Photo Credit: Andi Hedrick - Car and Driver
With 19,887 miles, we brought the pass for his B1 service to our Honda dealer. A B1 service basically consists of six liters of 0W-20 oil, new oil and air filters, a tire rotation, a series of checks and a cleaning of the battery terminals. The Yokohamas were spun, the battery was serviced, and the dealer did a multi-point inspection that made us all $ 167. While we waited, the dealer added a sticker to the owner's manual describing the dangers of driving a large vehicle like the Passport. Apparently the required information was not originally included in the instruction manual. The observed fuel consumption is constant at 20 mpg.
Unfortunately, our trustworthy passport was recently damaged by a mishap in one of our employees' driveways. Apparently the view to the outside in the perpetrator's car was restricted and the driver did not see the passport. The incident left two large red scratches on the driver's doors. After a few days of investigating the neighborhood, the ridicule gave way. We still have to get it to a body shop. In our next update we will cover more about the estimate and repair.
Photo Credit: Andi Hedrick - Car and Driver
The driving dynamics of the Passport, the somewhat tidy size and the improved infotainment system win far more friends than the taller pilot. And its size is sufficient for camping adventures for solo travelers or small groups and to stock up on essentials at the local Sam's Club.
Months in the fleet: 6 months Current mileage: 20,519 miles
Average fuel economy: 20 mpg
Fuel tank size: 19.5 gal. Observed fuel range: 390 miles
Service: $ 301 Normal Wear: $ 0 Repair: $ 0
Damage and Destruction: $ 0
10,000 mile update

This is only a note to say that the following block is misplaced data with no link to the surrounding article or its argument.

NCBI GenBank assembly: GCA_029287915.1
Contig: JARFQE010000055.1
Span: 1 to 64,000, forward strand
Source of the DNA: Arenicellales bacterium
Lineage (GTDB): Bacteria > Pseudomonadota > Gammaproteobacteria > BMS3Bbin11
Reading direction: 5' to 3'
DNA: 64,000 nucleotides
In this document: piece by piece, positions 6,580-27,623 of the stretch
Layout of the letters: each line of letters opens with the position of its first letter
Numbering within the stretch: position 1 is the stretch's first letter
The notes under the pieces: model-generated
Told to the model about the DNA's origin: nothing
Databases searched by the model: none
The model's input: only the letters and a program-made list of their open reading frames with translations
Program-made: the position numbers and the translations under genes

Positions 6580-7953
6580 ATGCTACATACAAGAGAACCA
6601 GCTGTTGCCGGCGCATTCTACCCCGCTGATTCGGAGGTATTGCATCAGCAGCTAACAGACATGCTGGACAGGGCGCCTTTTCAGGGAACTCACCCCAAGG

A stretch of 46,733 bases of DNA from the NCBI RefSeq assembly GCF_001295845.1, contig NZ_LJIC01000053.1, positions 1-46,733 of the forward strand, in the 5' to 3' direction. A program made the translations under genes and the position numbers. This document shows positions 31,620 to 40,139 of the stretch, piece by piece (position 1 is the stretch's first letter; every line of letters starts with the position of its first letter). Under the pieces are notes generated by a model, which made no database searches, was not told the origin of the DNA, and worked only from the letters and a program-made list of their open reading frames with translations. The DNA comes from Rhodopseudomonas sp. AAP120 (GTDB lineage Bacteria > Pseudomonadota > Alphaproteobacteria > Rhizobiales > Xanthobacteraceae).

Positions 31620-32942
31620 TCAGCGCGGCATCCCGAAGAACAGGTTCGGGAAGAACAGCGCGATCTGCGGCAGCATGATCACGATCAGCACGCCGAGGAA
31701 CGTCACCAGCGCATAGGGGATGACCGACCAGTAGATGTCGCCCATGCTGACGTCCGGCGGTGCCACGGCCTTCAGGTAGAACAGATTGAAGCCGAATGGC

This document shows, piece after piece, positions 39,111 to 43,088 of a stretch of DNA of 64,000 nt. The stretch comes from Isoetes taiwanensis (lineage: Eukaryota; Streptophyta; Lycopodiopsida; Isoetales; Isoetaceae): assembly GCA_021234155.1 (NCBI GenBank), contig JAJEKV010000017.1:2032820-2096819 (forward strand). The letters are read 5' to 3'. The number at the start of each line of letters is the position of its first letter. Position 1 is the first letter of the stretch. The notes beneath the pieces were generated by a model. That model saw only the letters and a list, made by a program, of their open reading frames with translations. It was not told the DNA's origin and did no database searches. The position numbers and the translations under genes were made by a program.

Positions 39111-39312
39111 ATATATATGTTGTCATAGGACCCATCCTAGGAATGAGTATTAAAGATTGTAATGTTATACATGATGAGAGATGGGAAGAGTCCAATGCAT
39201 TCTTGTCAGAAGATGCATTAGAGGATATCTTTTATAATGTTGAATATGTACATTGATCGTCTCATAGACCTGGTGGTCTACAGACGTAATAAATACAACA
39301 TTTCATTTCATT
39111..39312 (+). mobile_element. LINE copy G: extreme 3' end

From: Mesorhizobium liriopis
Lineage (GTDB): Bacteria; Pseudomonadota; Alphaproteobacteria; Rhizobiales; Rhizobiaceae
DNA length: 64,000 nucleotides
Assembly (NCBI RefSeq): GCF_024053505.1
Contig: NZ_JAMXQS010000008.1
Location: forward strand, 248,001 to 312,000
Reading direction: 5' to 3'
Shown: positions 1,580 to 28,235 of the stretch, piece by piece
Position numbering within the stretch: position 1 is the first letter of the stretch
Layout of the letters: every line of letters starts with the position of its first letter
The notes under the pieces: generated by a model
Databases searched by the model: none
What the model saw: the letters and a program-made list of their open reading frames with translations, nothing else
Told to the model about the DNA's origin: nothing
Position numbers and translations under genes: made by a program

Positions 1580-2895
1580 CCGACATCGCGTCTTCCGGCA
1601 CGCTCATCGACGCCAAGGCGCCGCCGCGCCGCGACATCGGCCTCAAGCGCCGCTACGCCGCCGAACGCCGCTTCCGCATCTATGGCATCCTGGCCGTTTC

Photo credit: Brad Fick - Car and Driver
Our long-term Honda Passport has proven itself to be an accomplished and frequent traveler in the few months it has been with us, having passed the 10,000 mile mark on a number of trips across North America. More impressive is that this produced only a few nits for us to choose from.
Production designer Jeff Xu piloted the pass on its longest journeys. This included separate hikes from our home base in Ann Arbor, Michigan, to Denver and New Orleans. After both, Xu praised the Passport's cargo space, the spacious interior and the numerous USB ports for charging multiple devices at the same time. His main criticism? "I found that all the cup holders were too small to hold larger bottles like Gatorades or Nalgenes," he wrote in the Honda's logbook.
Photo credit: Brad Fick - Car and Driver
A trip to Toronto led to a major complaint regarding the Passport's Lane Departure Warning, which flashes a warning in the track width and wobbles the steering wheel before the SUV's tire even crosses the center line. While this level of oversensitivity is certainly the result of Honda's proactive stance on safety, it quickly becomes angry when driving the freeway through construction zones with narrowed lanes and tightly clumped orange barrels.